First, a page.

In my view, the structural and root causes of incarceration; the violence experienced during incarceration; and the consequences of incarceration for women, are not being sufficiently assessed in Honduras. My interviews with detainees revealed that there is a lack of State support, including in terms of access to medical and social services; transport to and from the court to attend scheduled hearings; inappropriate legal representation; the length of pre-trial detention; the lack of effective investigation into cases, which results in disproportionate sentencing for certain crimes; and discrimination and bias within the criminal justice system.  
I also visited the Casita 21 de Octubre, a facility designed for vulnerable troubled adolescent boys who have never been in conflict with the law, but are considered as “troubled” and at risk. In this facility I met with young adolescent girls from the Sagrado Corazon de Maria detention center for adolescents in conflict with the law. These young girls have recently been transferred to the premises of the Casita 21 as an emergency measure, in response to various allegations that are yet to be investigated. I have noted numerous concerns as regards this transfer, including the lack of attention to the best interests of the boys who have been moved to a detention centre in close proximity to a youth offenders centre; the aggression and disobedience expressed by the girls who were moved at short notice and who have been physically and verbally assaulted by guards; the disrespectful and punitive treatment of youth offenders who are detained for crimes linked to gangs; and the imposition of a problematic solution on the staff of both facilities, in efforts to deal with a problem that they are not prepared to nor have the capacity to handle.
Legislative and institutional developments and challenges
At the national level, I noted the development of legislative and institutional measures including among others the recent amendments to the Penal Code to incorporate femicide as a specific crime, and, the adoption of a National Policy on Human Rights and its accompanying Action Plan covering the period 2013-2022. The adoption of the Domestic violence Law in 1997, and its amendment through Decrees No. 250/ 2005 and No.35 in 2013, has not led to an effective legislative response to domestic violence, and it remains the leading cause of reported crimes against persons at the national level. Significant challenges persist in the area of accountability for acts of violence against women and girls. For example, it is argued that there is a 95% impunity rate for sexual violence and femicide crimes. In cases of domestic violence, the CEDAW Committee noted in 2006, that the resolution rate of domestic violence cases was 2.55%.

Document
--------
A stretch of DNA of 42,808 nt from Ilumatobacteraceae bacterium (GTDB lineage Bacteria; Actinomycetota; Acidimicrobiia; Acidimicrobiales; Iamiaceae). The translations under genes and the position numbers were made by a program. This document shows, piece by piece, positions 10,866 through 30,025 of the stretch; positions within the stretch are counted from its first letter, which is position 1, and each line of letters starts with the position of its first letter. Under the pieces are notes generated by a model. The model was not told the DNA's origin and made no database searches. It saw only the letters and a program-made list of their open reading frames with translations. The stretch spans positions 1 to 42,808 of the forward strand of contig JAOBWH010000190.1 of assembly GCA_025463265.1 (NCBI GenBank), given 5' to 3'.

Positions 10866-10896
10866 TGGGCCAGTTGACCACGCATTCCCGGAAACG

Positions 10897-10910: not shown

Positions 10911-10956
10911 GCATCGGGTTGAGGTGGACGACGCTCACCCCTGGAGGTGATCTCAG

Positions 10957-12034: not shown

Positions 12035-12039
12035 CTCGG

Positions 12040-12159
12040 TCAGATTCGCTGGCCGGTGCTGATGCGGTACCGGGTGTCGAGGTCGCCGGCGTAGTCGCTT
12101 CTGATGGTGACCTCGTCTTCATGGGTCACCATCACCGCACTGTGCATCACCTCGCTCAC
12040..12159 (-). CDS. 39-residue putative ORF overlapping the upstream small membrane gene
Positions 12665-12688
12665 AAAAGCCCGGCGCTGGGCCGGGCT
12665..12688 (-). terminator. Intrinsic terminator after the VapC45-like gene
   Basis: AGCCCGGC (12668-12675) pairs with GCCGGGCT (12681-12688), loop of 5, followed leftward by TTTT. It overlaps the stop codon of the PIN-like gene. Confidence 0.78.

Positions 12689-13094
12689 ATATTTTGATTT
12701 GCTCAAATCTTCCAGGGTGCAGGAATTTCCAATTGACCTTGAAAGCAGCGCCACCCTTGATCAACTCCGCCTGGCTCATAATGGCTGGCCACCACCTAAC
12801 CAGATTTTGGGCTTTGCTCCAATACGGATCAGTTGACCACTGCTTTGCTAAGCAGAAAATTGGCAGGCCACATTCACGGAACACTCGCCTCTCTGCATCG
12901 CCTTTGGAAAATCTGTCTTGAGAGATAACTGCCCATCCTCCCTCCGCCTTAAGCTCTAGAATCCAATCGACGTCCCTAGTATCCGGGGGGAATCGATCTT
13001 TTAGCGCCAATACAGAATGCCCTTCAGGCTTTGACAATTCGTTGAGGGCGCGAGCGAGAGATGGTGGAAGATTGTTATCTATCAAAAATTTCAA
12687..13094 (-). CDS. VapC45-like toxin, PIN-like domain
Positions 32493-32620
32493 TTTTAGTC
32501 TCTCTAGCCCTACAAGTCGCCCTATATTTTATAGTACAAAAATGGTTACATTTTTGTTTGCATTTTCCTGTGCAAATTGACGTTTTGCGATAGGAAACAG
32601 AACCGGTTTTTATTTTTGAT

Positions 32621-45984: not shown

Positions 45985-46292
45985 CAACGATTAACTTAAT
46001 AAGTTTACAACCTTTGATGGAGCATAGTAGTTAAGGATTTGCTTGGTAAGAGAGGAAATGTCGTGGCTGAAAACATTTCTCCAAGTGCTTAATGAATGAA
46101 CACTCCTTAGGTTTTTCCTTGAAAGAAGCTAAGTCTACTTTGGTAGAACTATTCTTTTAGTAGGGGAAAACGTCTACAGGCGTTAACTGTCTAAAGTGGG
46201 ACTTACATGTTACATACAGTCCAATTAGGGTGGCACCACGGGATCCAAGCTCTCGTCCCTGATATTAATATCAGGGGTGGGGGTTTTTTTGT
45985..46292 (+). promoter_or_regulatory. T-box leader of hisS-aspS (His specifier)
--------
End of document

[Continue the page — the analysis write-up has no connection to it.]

The main challenges identified to address violence against women include the lack of effective implementation of legislation, obstacles such as gender discrimination in the justice system, inconsistencies in the interpretation and implementation of legislation, and the lack of access to services that promote safety and also address prevention of future acts of violence. Moreover, corruption, the lack of political will, and the failure of authorities to exercise due diligence in investigating, prosecuting and punishing perpetrators of violence against women contributes to an environment of impunity, resulting in little or no confidence in the justice system.
The interviews also reveal high levels of cynicism as regards the functioning and ability of institutions that are in place to promote and protect women’s human rights. This then further fosters a culture of non-reporting of cases of violence by women and girls. Furthermore, many interlocutors indicated that they do not consider the justice system as a viable option to obtain remedies, due to numerous factors including inadequate police responses, the lack of adequate investigation of cases, the low levels of prosecution, lengthy periods for a case to be finalised, and the negligible conviction rates in cases related to violence against women.
As regards the provision of protective measures and also services, I am concerned at the lack of sufficient facilities, such as shelters for battered women, and safe houses for women who have to enter the witness protection program. I was shocked to hear of situations in which State officials disregard the safety needs of battered women, due to the practice of referring high risk cases involving battered women and also fearful witnesses, to shelters for victims of domestic violence. This disregard then places both the shelter institution, and also its staff and residents, in a state of extreme vulnerability and hinders their ability to effectively provide assistance to victims and to guarantee their safety. The State has a duty to provide differentiated and appropriate protection or assistance to women, and cannot justify imposing onto third parties, its primary responsibility to prevent acts of violence against women, and to protect victims. The ban on abortion and also emergency contraception is a source of concern, as it negatively impacts the sexual and reproductive rights of all women and girls in Honduras, including those who have been raped.